Returning to work after maternity leave
If you are returning to work after maternity leave you have certain rights and protection against unfair dismissal, detriment or discrimination connected to your pregnancy, childbirth or statutory maternity leave. In this blog I consider what rights you have on returning to work and possible issues on returning, including the right to request flexible working.
Right to return to the same job
If you have taken Ordinary Maternity Leave (OML), return before the end of your OML, or combine maternity leave with a period of shared parental leave where the total leave is 26 weeks or less, you are entitled to return to the same job in which you were employed before your absence. Your terms of employment must be the same as, or not less favourable than, they would have been had you not been absent, unless a redundancy situation has arisen. You will be entitled to benefit from any improvements as if you had not been away, such as a pay rise or any other changes to your terms and conditions for your grade or level.
If you have taken Additional Maternity Leave (where you take more than 26 weeks’ leave), have taken shared parental leave which when combined with maternity leave amounts to a total leave of more than 26 weeks or have taken a period of at least four weeks’ parental leave on top your OML, you are generally entitled to return to work to the same job and on the same terms and conditions but your employer has more flexibility. If it is not reasonably practicable for your employer to permit you to return to the same job (for example, if there has been a reorganisation), you are entitled to return to a different job which is both suitable and appropriate in the circumstances and your terms and conditions must not be less favourable than they would have been had you not been absent.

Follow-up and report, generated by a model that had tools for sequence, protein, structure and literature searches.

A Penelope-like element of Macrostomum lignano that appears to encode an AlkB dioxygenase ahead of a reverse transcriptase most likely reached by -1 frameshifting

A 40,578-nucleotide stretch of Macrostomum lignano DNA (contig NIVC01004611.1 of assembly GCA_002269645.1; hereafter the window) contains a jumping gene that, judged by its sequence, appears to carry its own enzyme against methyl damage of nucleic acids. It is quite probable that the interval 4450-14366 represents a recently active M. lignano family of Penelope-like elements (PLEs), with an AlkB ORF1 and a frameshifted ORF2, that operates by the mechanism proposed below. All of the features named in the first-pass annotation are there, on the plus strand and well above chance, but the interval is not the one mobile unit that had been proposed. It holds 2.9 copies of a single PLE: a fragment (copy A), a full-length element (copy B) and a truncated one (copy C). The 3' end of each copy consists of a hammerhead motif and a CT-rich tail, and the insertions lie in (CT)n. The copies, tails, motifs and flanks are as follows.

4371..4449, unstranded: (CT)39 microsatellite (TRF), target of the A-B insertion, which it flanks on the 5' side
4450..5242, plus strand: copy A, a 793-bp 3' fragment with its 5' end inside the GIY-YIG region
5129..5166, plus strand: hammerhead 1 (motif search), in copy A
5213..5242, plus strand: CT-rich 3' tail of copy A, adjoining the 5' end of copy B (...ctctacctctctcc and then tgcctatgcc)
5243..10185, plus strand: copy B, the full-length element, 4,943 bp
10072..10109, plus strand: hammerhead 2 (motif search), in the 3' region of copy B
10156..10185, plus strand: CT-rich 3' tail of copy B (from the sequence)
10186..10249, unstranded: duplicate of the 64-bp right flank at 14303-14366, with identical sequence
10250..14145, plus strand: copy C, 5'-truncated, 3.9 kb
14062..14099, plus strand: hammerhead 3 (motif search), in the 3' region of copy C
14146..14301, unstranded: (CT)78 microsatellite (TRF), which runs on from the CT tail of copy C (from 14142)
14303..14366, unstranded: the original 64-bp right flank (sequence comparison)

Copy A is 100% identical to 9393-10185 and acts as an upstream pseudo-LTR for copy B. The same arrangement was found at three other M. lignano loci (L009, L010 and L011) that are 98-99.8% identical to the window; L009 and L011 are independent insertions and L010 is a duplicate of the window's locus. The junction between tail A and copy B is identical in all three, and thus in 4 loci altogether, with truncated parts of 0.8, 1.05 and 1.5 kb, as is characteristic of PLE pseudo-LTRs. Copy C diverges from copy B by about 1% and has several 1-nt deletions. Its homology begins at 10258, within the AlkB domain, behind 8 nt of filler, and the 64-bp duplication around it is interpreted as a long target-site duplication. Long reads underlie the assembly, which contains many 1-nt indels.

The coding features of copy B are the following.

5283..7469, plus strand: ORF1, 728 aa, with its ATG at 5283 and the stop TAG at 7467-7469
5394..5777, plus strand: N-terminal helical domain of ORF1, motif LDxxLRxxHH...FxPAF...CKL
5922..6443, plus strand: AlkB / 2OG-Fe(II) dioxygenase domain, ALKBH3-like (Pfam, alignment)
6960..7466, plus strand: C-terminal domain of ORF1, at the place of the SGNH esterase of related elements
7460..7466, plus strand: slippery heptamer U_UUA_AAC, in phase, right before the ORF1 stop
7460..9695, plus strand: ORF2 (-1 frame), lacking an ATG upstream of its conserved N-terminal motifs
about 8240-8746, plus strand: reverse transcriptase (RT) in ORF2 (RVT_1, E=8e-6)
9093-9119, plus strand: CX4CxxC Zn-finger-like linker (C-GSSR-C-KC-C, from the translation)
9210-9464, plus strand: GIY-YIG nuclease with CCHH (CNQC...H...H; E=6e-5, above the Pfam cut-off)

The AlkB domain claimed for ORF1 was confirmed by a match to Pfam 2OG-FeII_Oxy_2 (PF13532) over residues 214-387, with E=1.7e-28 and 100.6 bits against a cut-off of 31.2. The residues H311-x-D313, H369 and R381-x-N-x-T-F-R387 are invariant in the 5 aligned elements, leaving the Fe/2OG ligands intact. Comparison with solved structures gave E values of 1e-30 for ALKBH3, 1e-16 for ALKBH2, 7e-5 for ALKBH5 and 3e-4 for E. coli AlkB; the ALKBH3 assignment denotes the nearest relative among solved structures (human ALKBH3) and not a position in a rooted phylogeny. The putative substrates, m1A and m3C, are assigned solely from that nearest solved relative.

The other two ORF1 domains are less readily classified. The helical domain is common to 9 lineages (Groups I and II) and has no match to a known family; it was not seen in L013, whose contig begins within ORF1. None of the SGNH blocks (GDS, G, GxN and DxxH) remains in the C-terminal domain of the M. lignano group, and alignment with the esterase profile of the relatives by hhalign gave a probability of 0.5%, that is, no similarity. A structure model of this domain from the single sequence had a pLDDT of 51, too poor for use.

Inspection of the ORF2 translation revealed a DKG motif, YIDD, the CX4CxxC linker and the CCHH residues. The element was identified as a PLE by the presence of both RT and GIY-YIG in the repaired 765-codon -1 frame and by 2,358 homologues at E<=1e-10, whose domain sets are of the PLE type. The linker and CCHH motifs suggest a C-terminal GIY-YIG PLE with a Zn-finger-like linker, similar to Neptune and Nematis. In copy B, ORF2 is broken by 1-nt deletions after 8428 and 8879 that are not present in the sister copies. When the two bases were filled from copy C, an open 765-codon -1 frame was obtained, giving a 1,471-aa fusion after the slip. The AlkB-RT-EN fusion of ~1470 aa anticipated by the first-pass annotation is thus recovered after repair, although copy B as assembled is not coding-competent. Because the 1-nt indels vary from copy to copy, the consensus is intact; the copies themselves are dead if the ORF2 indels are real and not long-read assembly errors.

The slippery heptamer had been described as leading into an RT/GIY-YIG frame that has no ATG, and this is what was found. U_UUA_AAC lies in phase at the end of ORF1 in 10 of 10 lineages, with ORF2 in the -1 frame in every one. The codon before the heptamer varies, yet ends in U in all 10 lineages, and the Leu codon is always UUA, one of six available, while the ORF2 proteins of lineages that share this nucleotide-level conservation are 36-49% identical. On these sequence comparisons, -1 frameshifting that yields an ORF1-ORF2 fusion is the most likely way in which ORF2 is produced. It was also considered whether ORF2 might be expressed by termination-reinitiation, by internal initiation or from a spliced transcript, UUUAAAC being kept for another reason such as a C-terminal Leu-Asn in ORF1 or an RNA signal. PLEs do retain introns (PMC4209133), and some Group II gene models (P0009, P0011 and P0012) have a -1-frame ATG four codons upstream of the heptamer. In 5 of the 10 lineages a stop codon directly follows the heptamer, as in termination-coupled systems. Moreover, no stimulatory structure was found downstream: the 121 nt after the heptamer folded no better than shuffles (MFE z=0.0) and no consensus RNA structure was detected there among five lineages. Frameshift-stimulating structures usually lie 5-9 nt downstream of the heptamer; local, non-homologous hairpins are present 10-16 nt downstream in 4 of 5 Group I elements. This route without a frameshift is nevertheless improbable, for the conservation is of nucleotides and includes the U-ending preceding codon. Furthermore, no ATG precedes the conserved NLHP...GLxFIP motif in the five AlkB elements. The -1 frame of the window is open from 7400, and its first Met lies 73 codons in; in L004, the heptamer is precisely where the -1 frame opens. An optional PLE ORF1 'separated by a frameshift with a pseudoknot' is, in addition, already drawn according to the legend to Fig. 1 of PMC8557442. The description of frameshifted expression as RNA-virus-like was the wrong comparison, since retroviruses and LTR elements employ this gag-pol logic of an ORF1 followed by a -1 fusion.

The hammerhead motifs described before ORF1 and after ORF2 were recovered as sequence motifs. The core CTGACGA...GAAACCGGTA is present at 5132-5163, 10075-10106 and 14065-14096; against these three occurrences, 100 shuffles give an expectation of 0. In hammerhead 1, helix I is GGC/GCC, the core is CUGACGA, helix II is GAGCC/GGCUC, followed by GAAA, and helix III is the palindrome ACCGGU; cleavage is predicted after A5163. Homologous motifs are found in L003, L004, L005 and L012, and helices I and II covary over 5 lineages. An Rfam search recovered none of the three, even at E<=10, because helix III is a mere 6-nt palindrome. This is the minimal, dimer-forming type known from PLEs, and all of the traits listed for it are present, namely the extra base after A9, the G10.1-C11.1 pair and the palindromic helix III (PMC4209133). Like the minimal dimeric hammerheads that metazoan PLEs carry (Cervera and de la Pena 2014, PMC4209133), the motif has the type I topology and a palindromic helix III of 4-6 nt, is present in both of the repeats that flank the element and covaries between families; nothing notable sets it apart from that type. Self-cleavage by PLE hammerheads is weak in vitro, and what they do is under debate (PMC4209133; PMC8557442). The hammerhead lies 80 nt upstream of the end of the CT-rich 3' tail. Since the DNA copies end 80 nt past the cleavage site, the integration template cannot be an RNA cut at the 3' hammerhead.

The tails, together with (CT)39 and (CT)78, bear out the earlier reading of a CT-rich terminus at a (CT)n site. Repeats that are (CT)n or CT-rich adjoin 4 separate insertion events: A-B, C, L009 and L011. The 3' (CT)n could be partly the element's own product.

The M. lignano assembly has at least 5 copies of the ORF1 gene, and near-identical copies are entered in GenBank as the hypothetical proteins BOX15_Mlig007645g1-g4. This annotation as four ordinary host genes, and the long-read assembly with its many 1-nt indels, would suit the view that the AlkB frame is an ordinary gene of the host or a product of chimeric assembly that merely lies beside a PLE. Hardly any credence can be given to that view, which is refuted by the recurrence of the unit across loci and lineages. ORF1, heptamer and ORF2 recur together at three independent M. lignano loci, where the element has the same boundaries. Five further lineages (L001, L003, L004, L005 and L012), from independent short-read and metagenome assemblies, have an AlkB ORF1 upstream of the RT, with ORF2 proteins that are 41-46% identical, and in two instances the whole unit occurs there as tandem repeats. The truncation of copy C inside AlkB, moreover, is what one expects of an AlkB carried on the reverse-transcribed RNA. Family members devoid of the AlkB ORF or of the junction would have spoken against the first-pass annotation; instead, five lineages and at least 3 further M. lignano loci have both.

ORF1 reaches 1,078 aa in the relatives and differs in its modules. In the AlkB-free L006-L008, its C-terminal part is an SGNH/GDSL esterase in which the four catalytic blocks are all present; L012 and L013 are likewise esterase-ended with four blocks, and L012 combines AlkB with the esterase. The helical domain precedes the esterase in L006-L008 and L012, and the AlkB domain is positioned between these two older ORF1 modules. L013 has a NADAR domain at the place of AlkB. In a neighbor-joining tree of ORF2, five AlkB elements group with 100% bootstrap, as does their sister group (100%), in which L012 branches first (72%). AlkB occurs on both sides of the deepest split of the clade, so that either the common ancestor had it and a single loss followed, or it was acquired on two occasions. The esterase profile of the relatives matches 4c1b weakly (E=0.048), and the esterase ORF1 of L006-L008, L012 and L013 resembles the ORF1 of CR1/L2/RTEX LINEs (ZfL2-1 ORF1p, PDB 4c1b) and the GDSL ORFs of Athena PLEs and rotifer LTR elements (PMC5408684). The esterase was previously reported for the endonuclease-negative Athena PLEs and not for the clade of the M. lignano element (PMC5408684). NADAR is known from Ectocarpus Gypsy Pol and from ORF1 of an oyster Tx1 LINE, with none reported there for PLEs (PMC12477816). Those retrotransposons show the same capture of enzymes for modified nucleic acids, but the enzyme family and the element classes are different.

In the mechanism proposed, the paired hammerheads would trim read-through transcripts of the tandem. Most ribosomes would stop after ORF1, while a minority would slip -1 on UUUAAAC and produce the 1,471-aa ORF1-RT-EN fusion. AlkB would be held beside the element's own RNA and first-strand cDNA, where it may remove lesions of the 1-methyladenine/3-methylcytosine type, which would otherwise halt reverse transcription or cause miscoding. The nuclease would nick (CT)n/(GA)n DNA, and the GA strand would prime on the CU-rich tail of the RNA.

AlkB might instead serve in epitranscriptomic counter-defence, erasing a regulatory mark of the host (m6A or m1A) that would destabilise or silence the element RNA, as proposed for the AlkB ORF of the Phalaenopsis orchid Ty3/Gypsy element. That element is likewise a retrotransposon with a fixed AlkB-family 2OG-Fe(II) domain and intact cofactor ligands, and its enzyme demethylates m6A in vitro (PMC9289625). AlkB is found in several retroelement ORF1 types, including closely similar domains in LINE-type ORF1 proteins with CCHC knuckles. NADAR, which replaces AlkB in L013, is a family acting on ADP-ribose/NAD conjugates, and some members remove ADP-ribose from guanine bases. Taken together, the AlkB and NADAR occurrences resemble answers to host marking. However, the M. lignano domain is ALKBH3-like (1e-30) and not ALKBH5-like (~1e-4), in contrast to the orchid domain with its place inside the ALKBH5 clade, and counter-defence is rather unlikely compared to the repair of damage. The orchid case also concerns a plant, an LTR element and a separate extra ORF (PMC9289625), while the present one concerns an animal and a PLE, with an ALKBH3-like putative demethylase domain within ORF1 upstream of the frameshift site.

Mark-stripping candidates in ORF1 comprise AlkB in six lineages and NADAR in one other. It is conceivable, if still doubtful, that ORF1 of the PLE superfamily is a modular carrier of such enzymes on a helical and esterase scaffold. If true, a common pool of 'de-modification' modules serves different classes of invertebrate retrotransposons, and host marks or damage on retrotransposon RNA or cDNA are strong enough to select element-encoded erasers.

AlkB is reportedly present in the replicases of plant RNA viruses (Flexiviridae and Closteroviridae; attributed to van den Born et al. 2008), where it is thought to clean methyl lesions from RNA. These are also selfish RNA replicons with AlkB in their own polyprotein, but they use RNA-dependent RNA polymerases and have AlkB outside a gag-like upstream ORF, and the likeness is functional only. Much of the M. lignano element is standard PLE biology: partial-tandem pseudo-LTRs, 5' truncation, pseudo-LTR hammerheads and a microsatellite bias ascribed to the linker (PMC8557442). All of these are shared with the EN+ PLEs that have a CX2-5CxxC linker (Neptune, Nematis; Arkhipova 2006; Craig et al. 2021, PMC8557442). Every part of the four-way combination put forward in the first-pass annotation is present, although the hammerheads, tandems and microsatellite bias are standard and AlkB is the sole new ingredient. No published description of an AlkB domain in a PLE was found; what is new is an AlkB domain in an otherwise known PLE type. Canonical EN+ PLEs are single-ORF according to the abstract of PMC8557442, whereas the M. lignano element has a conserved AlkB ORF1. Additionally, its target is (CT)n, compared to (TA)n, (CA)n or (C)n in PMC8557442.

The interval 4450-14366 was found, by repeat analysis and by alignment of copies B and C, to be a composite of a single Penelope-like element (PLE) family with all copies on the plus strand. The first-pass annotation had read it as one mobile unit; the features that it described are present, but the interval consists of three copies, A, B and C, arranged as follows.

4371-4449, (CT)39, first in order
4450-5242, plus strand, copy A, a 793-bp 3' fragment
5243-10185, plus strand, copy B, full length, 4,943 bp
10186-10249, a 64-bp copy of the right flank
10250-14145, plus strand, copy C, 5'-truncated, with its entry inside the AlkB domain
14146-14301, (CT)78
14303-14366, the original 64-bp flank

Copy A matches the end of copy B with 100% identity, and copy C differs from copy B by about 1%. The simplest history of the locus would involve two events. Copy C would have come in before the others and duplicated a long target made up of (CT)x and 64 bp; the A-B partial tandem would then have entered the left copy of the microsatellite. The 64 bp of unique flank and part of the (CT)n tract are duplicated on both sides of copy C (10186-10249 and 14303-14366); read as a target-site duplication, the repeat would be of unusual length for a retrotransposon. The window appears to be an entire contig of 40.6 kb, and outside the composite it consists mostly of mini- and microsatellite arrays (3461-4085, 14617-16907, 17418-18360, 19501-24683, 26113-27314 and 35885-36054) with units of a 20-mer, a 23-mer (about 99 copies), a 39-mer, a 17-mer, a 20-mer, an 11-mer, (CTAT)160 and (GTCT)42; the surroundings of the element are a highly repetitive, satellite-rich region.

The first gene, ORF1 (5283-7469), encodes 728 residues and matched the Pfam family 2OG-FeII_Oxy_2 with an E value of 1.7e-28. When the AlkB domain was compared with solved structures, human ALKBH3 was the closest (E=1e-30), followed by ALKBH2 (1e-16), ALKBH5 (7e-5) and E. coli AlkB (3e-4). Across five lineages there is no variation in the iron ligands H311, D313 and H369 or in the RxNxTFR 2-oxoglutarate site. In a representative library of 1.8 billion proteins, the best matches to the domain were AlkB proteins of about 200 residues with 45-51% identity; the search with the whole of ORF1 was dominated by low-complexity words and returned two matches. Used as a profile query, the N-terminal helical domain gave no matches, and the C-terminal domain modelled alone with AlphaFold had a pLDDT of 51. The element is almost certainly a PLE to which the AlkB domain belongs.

If you are not allowed to return to the same job on no less favourable terms and conditions of if your employer does not offer you a suitable alternative job, you may have a claim of pregnancy and maternity discrimination and automatic unfair dismissal (if you are dismissed) and/or unlawful detriment (if there is no dismissal). If you are offered a suitable alternative job but refuse to accept it, it will not be automatically unfair to dismiss you. If the offer is unsuitable, you may refuse to accept it and treat yourself as constructively dismissed (assuming there is no express dismissal) and bring a claim of unfair dismissal. Even if you accept an unsuitable offer, you may still bring a claim of unlawful detriment and/or sex discrimination if the change in job or terms was because or your pregnancy or maternity leave.
Flexible working requests
Among the recent findings of research published as part of the ongoing IFS Deaton Review of Inequalities is the fact that women are still much more likely than men to give up paid work or reduce their hours after having a baby. This is so, even if where they were the higher earner. See www.ifs.org.uk/publications/15359.
If you wish to return on different hours, you may request flexible working. If your employer refuses to allow you to work part time, or to change your working pattern, this may be grounds for bringing a claim for indirect sex discrimination. This is because it has been established that statistically more women than men have childcare responsibilities and are therefore disadvantaged by a requirement to work full-time. Your employer would need to show that there was objective justification for the requirement for you to work full-time. You will be entitled to compensation for a successful discrimination case. In addition, you may have a claim for constructive dismissal if you resign following your employer’s refusal to agree to your flexible working request.
There is no statutory right to time off work for breastfeeding but your employer is required to carry out a risk assessment and provide suitable facilities for breastfeeding mothers to rest and to provide adequate rest and meal breaks. Toilets are not considered ‘suitable facilities’. If you are treated less favourably because you are breastfeeding this is direct discrimination. If your employer refuses to allow you the flexibility you may need to breastfeed or express milk, this may be indirectly discriminatory.
Unfair dismissal, detriment and discrimination
It is automatically unfair for your employer to dismiss you or to select you for redundancy when the reason, or main reason, is connected to your pregnancy or the fact that you have given birth or taken statutory maternity leave. You may also have a claim for pregnancy and maternity discrimination in these situations.
Lincs Law Employment Solicitors Can Help You
If you are worried about returning to work after your maternity leave, call for an initial free consultation with one of our specialist employment law solicitors on 01522 440512. Alternatively, for more information about maternity discrimination, visit our website at https://lincslaw.co.uk/services/employees/workplace-problems/pregnancy-and-maternity-discrimination/
Specialist Employment Law Solicitor
Lincs Law Employment Solicitors
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